Saturday, November 18, 2023

Fountain pen clones - Terminology - A first try

Clones of Dolly - Sheeps from the U. of Nottingham, c. 2000
I have always been facinated with the Clones, fountain pens that were trying to claim the spotlight by pretending to be another, well known pen.   From the early days of my collecting life I was initially fascinated by the fake Parker Sonnet from China and I wrote a number of postings with the main one on (see but also on FPN.  Of course this is a trend that started neither with the fake Montblanks of the 90s, nor the Parker Sonnets of the 2000s.  It is rooted, deeply I would say, in the Fountain Pen History.  Misterlook  and a bunch of  Esterbrook "clones"  pop up often in my mind because the copied pen did not have to be an expensive one.  Anyway I digress.   

The clones have come along way.   They are now easily traded even on Amazon.  But what exactly consitutes a clone?  Or is this the exact term that we should use?  People use more gentle terms like inspired, or tribute, or even the even more refined "hommage".  I always thought that the last one is just a low trick to use a not so common word to avoid calling it a clone.  So I propose to standardize and use the following terminology:

  • When a pen has some visual similarities but there is no doubt that the "original", genuine pen is different enough, we should say that this "clone", which is really not a clone, is pen INSPIRED by the original one. Example: 

    Jinhao 15 Guangzhou Tower (or Wasteline) model (still been sold in Amazon!)

  • Waterman Serenitè (ORIGINAL)

  • When it is hard to distinguish a pen with a quite look from the original genuine pen, then we will call the pen a WANNA BE. I would reserve the term TRIBUTE or HOMMAGE if the original pen dates decades before that the date of the issue of the "Wanna Be".  An important condition for this category is that the "Wanna Be" pen does not carry the name of the original pen.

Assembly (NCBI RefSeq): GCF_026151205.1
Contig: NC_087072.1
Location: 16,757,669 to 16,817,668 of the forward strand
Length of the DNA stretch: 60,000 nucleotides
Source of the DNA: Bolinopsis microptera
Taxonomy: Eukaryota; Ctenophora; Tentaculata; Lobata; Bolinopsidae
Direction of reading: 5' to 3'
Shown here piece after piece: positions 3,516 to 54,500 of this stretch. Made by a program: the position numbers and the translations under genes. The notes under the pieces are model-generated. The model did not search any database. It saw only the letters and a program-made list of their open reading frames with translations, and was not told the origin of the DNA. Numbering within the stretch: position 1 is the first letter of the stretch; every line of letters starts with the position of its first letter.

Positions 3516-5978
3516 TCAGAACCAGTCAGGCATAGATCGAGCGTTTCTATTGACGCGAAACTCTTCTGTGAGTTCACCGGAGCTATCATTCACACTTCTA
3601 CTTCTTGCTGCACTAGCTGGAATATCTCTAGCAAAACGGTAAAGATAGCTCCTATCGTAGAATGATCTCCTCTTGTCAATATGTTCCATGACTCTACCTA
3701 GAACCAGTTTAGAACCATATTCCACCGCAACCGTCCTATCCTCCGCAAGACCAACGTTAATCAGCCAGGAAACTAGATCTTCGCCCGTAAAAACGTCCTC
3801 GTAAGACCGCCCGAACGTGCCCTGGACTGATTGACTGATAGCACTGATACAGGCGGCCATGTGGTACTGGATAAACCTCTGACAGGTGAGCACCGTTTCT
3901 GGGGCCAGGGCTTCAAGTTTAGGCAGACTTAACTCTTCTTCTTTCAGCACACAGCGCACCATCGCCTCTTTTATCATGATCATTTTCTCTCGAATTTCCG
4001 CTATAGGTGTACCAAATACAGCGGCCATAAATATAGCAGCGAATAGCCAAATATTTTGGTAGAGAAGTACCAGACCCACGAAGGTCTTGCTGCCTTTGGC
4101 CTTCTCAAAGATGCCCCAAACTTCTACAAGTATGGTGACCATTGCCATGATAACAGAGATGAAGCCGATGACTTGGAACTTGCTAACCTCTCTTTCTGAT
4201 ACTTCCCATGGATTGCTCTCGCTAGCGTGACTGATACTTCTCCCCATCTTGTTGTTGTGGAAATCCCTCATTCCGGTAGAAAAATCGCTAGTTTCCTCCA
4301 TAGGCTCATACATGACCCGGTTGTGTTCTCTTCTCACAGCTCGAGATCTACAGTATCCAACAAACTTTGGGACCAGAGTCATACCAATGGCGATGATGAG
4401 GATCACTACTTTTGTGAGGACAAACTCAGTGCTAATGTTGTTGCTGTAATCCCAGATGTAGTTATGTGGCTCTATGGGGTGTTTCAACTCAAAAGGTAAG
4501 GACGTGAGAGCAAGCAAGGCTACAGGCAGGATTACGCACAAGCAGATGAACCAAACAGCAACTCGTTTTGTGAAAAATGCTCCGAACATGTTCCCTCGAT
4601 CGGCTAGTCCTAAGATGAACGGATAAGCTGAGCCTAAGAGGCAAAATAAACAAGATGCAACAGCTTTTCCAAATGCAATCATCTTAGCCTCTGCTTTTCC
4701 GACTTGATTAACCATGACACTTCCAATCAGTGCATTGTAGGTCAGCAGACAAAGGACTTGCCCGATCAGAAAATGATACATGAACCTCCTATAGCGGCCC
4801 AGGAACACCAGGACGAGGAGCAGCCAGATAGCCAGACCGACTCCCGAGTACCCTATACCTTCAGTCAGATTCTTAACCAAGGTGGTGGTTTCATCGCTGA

Seagull (Japan) from

    Parker Vacumatic

  • Finally, in a class of their own, we have the "TRUE FAKES" or "GENUINE CLONES" - pun absolutely intended - which they carry the name of the original pen make, even if there are visual minor difference between them and the original pen.  

Typical Chinese Sonnet Clone sold in Ebay (2023 Fall)

Original Parker Sonnet Ciselé

What do you think?  Of course we can always add internediate grades as TRUE FAKE- or WANNA BE+ to cover gradations and introduce the obligatory ambiguity :) :) :)   

Let me know what you think. 

No comments:

If you reached this page, chances are that you are interested in the history of fountain pens. Patents offer an interesting insight for the history of our beloved pens. You should consider purchasing George Kovalenko's book on Fountain Pen Patents 1911-1950s. Click here for more information. This is a labor of love and is the most comprehensive collection of pen patents that exists. George works currently on the first volume, which I am waiting anxiously for.